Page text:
14 Best Sourdough Recipes

Tangy and Chewy, These Breads Have It All

Paul Hollywood sourdough loaf recipe

The Spruce / Diana Chistruga

Sourdough is having a moment. The funky, slightly sour bread that used to exist solely in the realms of hippie enclaves and in a fermenting jar on your grandmother's kitchen counter, has hit the mainstream. Now you can find sourdough not only in the best bakeries, but in most grocery stores. When you're ready to dip your toes into sourdough yourself, start with some of these user-friendly recipes, variations, and tips below.

  • 01 of 14

    Basic Sourdough Starter

    Beginner basic sourdough starter recipe

    The Spruce / Julia Hartbeck

    Sometimes called "friendship bread" because the starter grows so much that you can share it with your friends, sourdough starter is easier than you might think. This recipe will get yours going with just a few ingredients, most of which you may have on hand already.

  • 02 of 14

    Rye Sourdough Bread

    Rye Sourdough Bread Recipe
    Rye Sourdough Bread Recipe. Photo © Elaine Lemm

    Using rye flour instead of regular all-purpose flour gives this hearty loaf a denser texture and nuttier flavor. It requires a sourdough starter, so it does take some time, but the result will be well worth it. This fragrant, chewy bread tastes especially great toasted with good-quality butter.

  • 03 of 14

    Russian Dark Rye Sourdough

    Rye Bread

    The Picture Pantry/Getty Images

    Make this dark rye sourdough from Russia to accompany a rich soup, as a grilled cheese, or a base for pickled herring or other spreads. It can hold up to a heavy meal and will give any spread an Eastern European flare. The rye sour base does need four to five days to cure, so this makes a great project to teach kids about fermentation.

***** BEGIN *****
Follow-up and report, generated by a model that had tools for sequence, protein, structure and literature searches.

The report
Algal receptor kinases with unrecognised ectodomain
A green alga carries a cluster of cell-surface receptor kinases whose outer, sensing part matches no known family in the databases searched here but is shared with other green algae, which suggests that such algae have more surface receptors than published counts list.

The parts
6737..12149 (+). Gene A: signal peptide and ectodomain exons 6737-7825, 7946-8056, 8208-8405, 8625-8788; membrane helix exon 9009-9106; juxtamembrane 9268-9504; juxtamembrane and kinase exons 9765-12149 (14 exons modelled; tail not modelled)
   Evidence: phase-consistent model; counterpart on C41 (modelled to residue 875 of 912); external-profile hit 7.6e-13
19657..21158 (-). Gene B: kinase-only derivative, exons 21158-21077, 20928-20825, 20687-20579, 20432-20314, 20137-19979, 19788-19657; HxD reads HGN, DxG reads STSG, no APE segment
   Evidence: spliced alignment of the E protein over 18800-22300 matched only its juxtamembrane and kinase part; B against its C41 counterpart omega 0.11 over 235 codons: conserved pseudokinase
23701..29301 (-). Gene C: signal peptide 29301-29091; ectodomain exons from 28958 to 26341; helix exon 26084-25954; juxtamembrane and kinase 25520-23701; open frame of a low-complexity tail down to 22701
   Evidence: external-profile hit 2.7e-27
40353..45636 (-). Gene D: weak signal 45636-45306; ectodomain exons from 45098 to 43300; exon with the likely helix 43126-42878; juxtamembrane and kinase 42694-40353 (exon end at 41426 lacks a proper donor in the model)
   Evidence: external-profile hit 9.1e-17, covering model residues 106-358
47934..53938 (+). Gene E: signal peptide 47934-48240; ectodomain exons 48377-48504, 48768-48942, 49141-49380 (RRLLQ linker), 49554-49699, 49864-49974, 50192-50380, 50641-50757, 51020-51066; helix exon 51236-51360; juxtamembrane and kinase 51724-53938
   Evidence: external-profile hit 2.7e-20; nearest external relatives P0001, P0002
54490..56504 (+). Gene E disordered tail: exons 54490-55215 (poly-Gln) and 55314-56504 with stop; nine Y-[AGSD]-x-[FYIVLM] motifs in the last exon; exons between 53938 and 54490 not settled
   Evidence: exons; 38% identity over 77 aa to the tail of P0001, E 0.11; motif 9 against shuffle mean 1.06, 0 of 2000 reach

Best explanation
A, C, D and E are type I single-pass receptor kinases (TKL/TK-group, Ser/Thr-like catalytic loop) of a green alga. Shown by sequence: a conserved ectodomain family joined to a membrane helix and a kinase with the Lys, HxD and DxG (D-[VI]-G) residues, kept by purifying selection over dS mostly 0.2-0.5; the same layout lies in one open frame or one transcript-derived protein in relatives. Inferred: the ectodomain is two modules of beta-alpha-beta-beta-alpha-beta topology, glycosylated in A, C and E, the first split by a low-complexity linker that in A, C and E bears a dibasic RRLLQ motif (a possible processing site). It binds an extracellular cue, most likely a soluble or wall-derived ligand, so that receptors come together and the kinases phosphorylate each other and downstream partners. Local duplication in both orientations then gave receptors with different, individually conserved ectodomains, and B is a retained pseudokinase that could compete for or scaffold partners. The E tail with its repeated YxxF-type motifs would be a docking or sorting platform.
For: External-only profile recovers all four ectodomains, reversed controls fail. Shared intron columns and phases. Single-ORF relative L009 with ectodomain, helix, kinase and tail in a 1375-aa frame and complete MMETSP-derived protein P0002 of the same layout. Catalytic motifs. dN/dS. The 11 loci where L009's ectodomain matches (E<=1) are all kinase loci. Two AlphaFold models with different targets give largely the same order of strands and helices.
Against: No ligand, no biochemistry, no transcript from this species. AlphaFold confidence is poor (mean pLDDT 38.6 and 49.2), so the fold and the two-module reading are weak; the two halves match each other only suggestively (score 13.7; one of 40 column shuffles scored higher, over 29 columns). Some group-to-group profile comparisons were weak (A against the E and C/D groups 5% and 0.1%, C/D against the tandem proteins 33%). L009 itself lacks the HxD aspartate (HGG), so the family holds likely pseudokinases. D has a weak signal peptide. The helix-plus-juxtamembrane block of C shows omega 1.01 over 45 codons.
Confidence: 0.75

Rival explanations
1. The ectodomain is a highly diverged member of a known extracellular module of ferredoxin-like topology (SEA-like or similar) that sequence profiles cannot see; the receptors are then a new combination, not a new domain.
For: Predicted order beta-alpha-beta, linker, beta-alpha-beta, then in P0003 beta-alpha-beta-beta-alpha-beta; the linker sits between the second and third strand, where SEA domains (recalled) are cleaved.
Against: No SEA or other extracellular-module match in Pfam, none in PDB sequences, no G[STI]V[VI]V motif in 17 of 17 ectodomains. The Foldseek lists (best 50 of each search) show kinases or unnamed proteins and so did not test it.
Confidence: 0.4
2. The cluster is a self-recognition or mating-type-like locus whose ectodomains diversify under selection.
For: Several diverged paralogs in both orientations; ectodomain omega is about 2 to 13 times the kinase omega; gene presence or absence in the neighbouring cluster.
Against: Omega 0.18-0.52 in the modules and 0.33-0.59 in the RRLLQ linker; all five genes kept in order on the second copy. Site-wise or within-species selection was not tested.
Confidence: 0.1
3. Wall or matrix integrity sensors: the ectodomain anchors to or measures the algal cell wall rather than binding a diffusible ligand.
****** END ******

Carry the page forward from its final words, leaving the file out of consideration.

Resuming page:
• 04 of 14

    Sourdough Beer Bread

    Sourdough beer bread
    Photo from Wikimedia Commons

    Just four ingredients stand between you and this yeasty, hop-scented bread. Beer and sourdough just make sense together, because yeast and hops are a match made in heaven. This recipe makes two loaves, so eat one now and pop the other in the freezer for future use.

    Continue to 5 of 14 below.
  • 05 of 14

    Sourdough Pancakes

    Sourdough Pancakes

    Leah Maroney

    Let's think beyond bread—these sourdough pancakes might just become your favorite go-to sourdough recipe. They offer just the right mix of sweetness and tang, all with a tender, chewy bite. They require overnight prep, but the final product is well worth it. After you try this recipe, we're betting you'll add it to your stable of favorites.

  • 06 of 14

    German Dinkelbrot Spelt Sourdough Bread

    Spelt and Rye Sourdough Baked
    J.McGavin

    Don't get intimidated by the multiple steps in this dinkelbrot, or spelt, rye, and sourdough bread recipe. It comes out nutty and light with a unique, hearty texture from spelt flour, an ancient grain that some say digests easier than wheat. It does take two days to make, so set aside some time for the project.

  • 07 of 14

    Rye Pumpernickel Bread

    Pumpernickel Bread with Whole Rye Berries